Mosques in Lisbon's Mouraria quarter 'full to bursting'
Image: Miguel A. Lopes/ Lusa

Mosques in Lisbon’s Mouraria quarter ‘full to bursting’

Muslims challenge City Hall to ‘make good on promises’ and build new mosque

Lusa today reports on “Long queues outside Lisbon mosques as council fails to keep promise”.

“Mosques in the Lisbon city centre neighbourhood of Mouraria are unable to accommodate all those who want to enter them, with many faithful queuing outside, waiting for their turn to pray – with past promises from Lisbon city council to build a new space yet to be kept”, continues the text.

“The crowds are at their largest on Fridays, a holy day for Islam, with two queues: on one side for the mosque in Rua do Terreirinho, which is smaller, on the other for the Islamic Centre of Bangladesh, in Beco de São Marçal.

“Down Rua do Benformoso, the area’s narrow main thoroughfare and up Calçada Agostinho de Carvalho, as 1 pm  approaches, more and more men, old and young, and some children, from a variety of backgrounds, but predominantly from the Indian subcontinent, take up their positions.

Image: Miguel A. Lopes/ Lusa

“During the changeover between prayers, those inside leave quickly, even without putting on their shoes, so as not to block up the entrance. Outside, some people have been waiting for more than two hours.

“With a capacity for 500 worshippers and two carpeted rooms, one upstairs and one downstairs, the Bangladesh Islamic Centre is awaiting a move to a new location, promised by the city council 12 years ago – when Portugal’s current prime minister, António Costa of the Socialist Party (PS), was mayor of Lisbon.

“The existing space, which was bought by the Bangladeshi community many years ago, cannot welcome all the worshippers who seek it out, acknowledges Rana Taslim Uddin, the centre’s president, who when he arrived in Mouraria in 1991 was one of just six Bangladeshi nationals in the city.

“This mosque doesn’t have the right conditions, because there’s no emergency exit, no windows,” he said. “It’s very difficult in the heat.”

Rana estimates that a place of worship is needed “for more or less two thousand people” now.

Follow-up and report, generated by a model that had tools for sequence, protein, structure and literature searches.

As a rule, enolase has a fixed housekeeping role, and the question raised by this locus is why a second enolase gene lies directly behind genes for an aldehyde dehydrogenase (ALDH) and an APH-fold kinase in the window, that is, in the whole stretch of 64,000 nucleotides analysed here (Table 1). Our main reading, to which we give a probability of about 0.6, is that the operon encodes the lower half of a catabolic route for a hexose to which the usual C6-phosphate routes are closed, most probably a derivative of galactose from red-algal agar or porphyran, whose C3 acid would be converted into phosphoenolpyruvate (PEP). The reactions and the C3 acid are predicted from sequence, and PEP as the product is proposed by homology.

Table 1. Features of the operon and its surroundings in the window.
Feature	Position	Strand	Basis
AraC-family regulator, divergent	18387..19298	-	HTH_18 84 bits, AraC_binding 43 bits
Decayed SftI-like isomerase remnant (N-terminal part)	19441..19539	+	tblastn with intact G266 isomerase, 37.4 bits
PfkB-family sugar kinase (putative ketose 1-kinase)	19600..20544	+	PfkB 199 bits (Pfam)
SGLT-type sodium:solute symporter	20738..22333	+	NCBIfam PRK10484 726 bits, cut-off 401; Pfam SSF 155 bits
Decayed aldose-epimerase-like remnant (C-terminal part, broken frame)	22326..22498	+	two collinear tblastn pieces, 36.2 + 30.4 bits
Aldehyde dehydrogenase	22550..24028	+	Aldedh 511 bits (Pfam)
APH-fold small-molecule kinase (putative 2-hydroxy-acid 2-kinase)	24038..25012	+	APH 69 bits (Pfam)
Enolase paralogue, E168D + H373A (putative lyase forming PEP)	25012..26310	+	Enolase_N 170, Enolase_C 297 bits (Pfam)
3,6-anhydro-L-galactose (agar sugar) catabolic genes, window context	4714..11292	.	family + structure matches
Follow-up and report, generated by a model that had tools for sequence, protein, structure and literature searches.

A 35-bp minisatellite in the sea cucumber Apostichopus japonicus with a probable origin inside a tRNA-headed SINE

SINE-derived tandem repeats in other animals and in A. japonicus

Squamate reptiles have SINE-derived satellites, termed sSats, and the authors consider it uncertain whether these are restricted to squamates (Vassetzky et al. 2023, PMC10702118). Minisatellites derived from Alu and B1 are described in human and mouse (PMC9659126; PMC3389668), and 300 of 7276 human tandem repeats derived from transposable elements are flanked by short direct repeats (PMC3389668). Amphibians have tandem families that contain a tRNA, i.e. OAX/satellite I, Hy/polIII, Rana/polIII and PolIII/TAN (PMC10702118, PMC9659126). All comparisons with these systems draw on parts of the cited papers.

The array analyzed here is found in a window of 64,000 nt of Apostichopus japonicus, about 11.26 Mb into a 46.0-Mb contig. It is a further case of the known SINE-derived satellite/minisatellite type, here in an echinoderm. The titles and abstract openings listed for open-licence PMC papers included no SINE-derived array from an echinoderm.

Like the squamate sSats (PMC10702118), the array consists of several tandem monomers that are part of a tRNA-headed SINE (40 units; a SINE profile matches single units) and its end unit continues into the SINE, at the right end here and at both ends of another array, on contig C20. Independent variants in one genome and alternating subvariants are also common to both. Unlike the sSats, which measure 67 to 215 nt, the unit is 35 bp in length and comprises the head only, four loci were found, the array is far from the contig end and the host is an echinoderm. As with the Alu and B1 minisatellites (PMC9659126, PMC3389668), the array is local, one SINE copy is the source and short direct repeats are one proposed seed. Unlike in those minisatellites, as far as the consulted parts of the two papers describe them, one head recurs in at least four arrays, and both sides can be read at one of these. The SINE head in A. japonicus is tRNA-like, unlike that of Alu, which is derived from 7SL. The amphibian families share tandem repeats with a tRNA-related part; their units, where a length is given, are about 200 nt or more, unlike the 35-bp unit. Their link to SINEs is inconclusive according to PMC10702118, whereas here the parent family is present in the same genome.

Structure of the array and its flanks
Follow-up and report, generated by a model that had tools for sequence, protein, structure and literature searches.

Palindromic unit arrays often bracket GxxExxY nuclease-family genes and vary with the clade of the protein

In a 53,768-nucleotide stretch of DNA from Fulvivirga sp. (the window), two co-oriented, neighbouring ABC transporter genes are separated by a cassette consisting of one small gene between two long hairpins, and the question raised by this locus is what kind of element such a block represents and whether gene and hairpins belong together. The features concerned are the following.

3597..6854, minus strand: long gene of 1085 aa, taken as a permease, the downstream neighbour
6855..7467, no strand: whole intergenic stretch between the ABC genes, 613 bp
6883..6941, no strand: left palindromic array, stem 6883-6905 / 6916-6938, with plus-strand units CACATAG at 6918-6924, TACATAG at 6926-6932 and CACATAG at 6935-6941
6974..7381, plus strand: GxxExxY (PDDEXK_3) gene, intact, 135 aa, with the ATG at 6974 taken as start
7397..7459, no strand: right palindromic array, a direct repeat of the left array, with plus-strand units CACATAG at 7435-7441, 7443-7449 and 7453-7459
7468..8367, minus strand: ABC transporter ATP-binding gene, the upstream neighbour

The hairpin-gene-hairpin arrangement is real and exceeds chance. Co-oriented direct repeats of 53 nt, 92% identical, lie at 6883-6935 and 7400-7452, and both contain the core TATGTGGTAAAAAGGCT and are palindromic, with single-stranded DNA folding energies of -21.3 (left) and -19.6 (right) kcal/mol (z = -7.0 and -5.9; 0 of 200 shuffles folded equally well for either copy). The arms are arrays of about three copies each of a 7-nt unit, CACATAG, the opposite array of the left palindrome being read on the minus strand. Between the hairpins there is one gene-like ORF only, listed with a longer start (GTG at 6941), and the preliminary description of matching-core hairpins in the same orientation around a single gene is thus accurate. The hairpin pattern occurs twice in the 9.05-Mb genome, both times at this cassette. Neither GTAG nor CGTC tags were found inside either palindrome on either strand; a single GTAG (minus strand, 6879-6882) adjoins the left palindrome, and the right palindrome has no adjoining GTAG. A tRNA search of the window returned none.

There are currently an estimated 60,000 Bangladesh nationals living in Portugal, mainly working as traders, Lusa continues.

“During Ramadan, the holy month for Muslims, the Muslims of Mouraria are not even able to break their fast together, as tradition dictates. And the current place of worship has no separate prayer room for women.

“A few days ago, Rana invited the current mayor of Lisbon, Carlos Moedas of the centre-right Social Democratic Party (PSD), who was elected in 2021, to visit the mosque”.

“The new mayor hasn’t replied yet,” he told Lusa, lamenting: “Politicians are in the moment, but then they forget.”

The current place of worship, agrees Miguel Coelho, Socialist president of the Santa Maria Maior parish council, “is unsuitable for the many people it attracts”. It is “absolutely necessary” to fulfil “the commitment made” to build a new mosque, which he recalls was “voted for by all the city’s political forces, including the representatives of the democratic right, the PSD and CDS-PP”.

A new mosque is needed, he stressed, “precisely so that these people don’t have to set up informal mosques in garages and/or shop spaces.”

The idea of building a new mosque in Mouraria, was first floated in 2012 but has since been mired in protests and delays, Lusa explains.

Initially the plan was to demolish buildings to create a square that would allow access to the place of worship via a pedestrianised passage between Rua da Palma, a major avenue nearby, and Rua do Benformoso.

In 2015, the matter was once again discussed at a public meeting organised by the city council, this time to ask Lisbon’s Municipal Assembly to approve the declaration of public utility for the expropriation of the buildings needed to carry out the project – a proposal that was unanimously approved.

However, a court challenge over the expropriation of two buildings by the owners, questioning the amount of compensation offered, delayed the whole process. The city council later said it was considering reformulating the project.

In June last year PS members in the Municipal Assembly criticised the “noisy silence” on the whole subject of the mosque plan.

In response, deputy mayor, Filipe Anacoreta Correia (CDS-PP), said that the council had carried out all the necessary procedures on the Mouraria mosque project but that “no decision has been taken” on the matter.

When questioned on all this by Lusa, the council did not respond.

Mouraria today is home to a large South Asian community, with many people from Bangladesh, India, Nepal and Pakistan, says the State news agency.

“Traders in the area complain that the current situation – with a high concentration of Muslim worshippers on the streets, particularly on Fridays – is detrimental to business.

“People can’t all fit inside and they have to pray in the street and that does cause discomfort at times, but nothing more than that,” says Miguel Coelho, stressing: “We don’t have religious conflict here.”

His words come just days after a proposed march by far-right organisations through the area was banned by the council, on the advice of police.

Source material: LUSA